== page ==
The coming out of women in the Muslim-dominated Kashmir valley has been helped by the fact that they have been traditionally freer than their counterparts in many parts of the world. They have not observed the purdah, or faced religious or cultural segregation from men, say sociologists. Men and women have always worked in the farms together, prayed side by side in mosques and participated in religious congregations.


They have traditionally played an important role in the neighbourhood citizens' committees, preparing food for their protesting menfolk and taking the injured to hospitals. The pro-freedom movement has also thrown up a number of women leaders - both fundamentalists and liberals.

"Kashmiri women are among the most politicised women in the subcontinent," says Professor Dabla.

Zaitun Khan, a 20-something homemaker, is one of them - she remembers participating in "peaceful" protests when she was in college, but is now determined to hit the streets to demand freedom. Her brother Fayaz Ahmed Wani, who worked as a labourer in the floriculture department of the government, was hit by a bullet fired by the forces and killed while on his way to work on 6 July.

Mr Wani was 29, and left behind his wife and two daughters.

"I will go and join the protests now," says Ms Khan.

"He never protested or threw a stone in his life. But he died. How many more men will have to die? I want to go out and protest and demand freedom. Freedom to live."

Pakistan's Nemesis said...

Yes Mr. Blogger, I don't care if my comments are deleted because the very same comments can be read at

Mr. Blogger, try to use some common sense - Pak has made it impossible for Kashmir and Kashmiris to have peace. When law and order is disturbed as it is today, rights and freedoms are bound to be curtailed. Are these rights available to the common man in your country when say there is an operation against enemies of the state? The answer is no. Thanks to pak's perfidy, India is forced to have a large concentration of troops. Secondly, Kashmir is a state which has borders with two enemy states, viz. your beloved motherland and its master China.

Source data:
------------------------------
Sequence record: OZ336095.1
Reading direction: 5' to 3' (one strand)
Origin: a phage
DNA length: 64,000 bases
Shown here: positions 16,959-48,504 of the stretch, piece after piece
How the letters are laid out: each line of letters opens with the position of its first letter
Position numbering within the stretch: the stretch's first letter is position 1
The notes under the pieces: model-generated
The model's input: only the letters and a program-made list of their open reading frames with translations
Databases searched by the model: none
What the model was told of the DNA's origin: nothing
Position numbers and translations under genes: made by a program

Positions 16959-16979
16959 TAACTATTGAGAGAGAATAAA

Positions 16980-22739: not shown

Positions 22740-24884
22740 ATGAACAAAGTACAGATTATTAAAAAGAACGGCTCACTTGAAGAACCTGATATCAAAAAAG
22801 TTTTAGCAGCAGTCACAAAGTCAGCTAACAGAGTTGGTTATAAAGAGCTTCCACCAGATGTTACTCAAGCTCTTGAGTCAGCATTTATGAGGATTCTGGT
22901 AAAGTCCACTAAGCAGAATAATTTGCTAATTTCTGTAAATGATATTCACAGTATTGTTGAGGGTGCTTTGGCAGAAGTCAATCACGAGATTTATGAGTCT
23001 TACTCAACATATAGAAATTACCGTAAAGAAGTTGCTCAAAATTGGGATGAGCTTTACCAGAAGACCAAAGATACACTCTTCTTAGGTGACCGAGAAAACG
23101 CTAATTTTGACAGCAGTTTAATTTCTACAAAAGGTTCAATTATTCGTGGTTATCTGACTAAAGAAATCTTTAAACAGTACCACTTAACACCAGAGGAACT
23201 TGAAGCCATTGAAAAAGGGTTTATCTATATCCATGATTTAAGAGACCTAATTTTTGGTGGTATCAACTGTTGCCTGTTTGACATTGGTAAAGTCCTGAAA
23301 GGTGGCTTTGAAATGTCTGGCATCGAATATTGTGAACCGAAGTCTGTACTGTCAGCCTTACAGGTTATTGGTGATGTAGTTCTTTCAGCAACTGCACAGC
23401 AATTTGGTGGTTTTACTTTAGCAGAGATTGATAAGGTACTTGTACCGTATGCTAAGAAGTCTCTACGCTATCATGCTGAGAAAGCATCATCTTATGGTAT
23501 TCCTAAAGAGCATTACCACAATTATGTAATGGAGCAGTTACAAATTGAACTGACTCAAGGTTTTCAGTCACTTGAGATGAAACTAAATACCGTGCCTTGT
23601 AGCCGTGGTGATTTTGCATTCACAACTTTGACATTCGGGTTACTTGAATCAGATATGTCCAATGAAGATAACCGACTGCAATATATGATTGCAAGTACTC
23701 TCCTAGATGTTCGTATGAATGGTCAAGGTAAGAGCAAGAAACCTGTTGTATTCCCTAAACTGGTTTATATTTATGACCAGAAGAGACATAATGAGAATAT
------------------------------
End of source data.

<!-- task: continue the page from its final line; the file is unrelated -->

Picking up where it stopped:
To put it very bluntly, excesses are bound to happen when a state is in the midst of perrenial terror, particularly when it is sponsored by your beloved motherland. You may give any number of instances of excesses which may or may not be even true. We as a nation can deal with the situation in Kashmir if those across the borders will keep their hands off. And one thing is certain, if Pak even nurses a belief that India will cede even an inch of Kashmir, I think it is rather stupid and utopian. India would rather combat Pak than give an inch to Pak. I think Pak should deal with its own problems - BTW One-fifth of Pak is under water and there is a serious shortage of essential commodities - instead of fomenting trouble in India and Kashmir.

Pakistan's Nemesis said...

Mr. Blogger, do not waste your time countering my comments. Certainly, you should be busy dealing with the flood situation. But all the same, in typical PAKISTANI fashion, you have taken the pains of reproducing stories/reports from BBC, which otherwise Pak and your esteemed countrymen tends to condemn as being propaganda material. How very hypocritical!

Anonymous said...

Well done, guys. I really enjoyed this dialogue.

MoinSaddiq said...

Guys guys, stop fighting, we Pakistanis have a big task ahead of us. Karachi, Quetta, Peshawar are all bleeding.

Hafiz Said is saying flooding is because of our sins.

Please pray for Pakistan Army

Sakib Ahmad said...


The rampaging gentleman is not a Pakistani! He just hates us: we are all devils and there reside angels across the eastern border, who are permitted to commit the most despicable acts without losing their angelic badge!!

Pakistan's Nemesis said...
This comment has been removed by the author.
Pakistan's Nemesis said...

Well, the devils from across the Eastern border offered aid for the Pak angels who were badly affected by the floods, which aid was refused because of the deep affection that exists. Subsequently, very reluctantly and after much hullabaloo and under US pressure Pakis did a great favour in accepting the aid.

When Pak was struck by a devastating earthquake a few years back, the angelic Pakis were given blankets by the evil Indians. And guess what, the blankets were torn up. So much for Paki love and affection.

The Eastern neighbour should have told Pak to go to hell instead of forcing the aid down its throat much against its wishes. And talking about despicable acts, the Blogger should look at his own countrymen's attitude, demeanor and acts of terror committed world-wide in the name of a religion before pointing fingers at others.